educated on Isle of Wright, England, Baker migrated to Victoria in January
1854 and went straight to Ballarat where he was said to have taken the first
brick making machine. Before moving to Richmond in 1887, he was closely
associated with mining, commercial and agricultural pursuits in Ballarat and
prominent with the Mine Owners' Association. In state politics, Baker was
elected to the seat of Wimmera (1883-89) and Lowan (1889-94) serving as
Minister for Public Instruction and Minister for Customs (1893-94) under
Sir James Patterson (Melbourne General Cemetery). As Minister for
Public Instruction, he and Thomas Brodribb (Boroondara Cemetery)
were in “violent disagreement” and resided over the collapse of the
technical colleges and the closure of the Training College. Baker was
chiefly known as an advocate of temperance and in Parliament was said to
have “rendered most valuable services to the cause of Temperance
Legislation”. Among other notable temperance identities of the time were
Sir James Munro (St. Kilda Cemetery) and Sir Richard Heales
(Melbourne General Cemetery). In a record to rival that of
(q.v.) for the number of electoral defeats - Baker unsuccessfully contested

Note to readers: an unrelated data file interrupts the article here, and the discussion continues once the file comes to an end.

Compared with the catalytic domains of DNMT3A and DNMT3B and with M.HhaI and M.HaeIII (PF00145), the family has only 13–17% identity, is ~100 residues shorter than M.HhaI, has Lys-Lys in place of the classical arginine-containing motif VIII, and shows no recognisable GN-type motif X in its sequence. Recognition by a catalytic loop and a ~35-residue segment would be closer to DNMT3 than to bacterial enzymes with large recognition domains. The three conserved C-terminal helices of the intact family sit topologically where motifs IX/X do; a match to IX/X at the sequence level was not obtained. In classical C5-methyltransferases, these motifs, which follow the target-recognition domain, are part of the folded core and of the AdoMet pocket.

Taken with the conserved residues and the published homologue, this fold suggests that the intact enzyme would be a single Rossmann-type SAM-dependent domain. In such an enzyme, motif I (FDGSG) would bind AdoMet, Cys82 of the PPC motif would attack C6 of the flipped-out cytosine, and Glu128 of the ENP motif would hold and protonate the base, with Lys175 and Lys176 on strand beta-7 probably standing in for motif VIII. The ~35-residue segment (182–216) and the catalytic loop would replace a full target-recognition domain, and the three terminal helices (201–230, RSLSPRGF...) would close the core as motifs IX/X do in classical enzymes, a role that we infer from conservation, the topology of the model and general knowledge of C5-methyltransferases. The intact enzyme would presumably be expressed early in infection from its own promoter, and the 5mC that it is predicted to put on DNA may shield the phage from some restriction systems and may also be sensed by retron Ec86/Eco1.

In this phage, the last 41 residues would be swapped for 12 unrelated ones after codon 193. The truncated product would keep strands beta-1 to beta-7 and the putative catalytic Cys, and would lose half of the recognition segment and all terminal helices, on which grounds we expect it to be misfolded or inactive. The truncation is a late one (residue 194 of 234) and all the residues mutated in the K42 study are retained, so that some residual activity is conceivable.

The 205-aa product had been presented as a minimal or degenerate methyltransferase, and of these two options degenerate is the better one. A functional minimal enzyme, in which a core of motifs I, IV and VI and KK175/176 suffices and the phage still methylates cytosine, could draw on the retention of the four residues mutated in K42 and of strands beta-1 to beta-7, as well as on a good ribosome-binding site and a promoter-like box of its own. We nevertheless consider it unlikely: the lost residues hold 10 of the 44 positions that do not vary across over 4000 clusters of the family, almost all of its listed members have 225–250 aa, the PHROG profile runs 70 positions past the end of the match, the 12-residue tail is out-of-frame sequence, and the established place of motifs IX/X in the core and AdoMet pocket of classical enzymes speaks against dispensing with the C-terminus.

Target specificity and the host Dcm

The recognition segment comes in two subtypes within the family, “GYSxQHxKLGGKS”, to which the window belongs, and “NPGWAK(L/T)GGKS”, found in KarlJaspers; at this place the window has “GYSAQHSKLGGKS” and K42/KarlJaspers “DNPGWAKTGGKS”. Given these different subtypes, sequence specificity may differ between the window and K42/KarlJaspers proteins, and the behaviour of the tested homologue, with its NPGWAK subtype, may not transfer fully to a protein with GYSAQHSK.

the seats of West Ballarat (1871), Castlemaine (1874), Grenville (1874),
Wimmera (twice, 1880), Lowan (1894), and Jolimont (1897). He resided at
Risdon - Seymour Road, Elsternwick and died on 10 March 1915 aged 84
(above) Richard Baker
(Reproduced with kind permission of the
Victorian Parliament Library)
(above) Monumental Headstone (enlarge image)
“Temperance in Australia. The Memorial
Volume of the International Temperance Convention, Melbourne, 1888” (1889).
The Argus 13 March 1915.
The Age 13 March 1915.
Lumsden, D. (ed), “Sands & McDougall’s
Victorian Parliamentary Companion” (1889).
Thomson, K & Serle, G., “A Biographical
Register of the Victorian Legislature 1851-1900” (1972).
ADB Volume 3 1851-90 (A-C).
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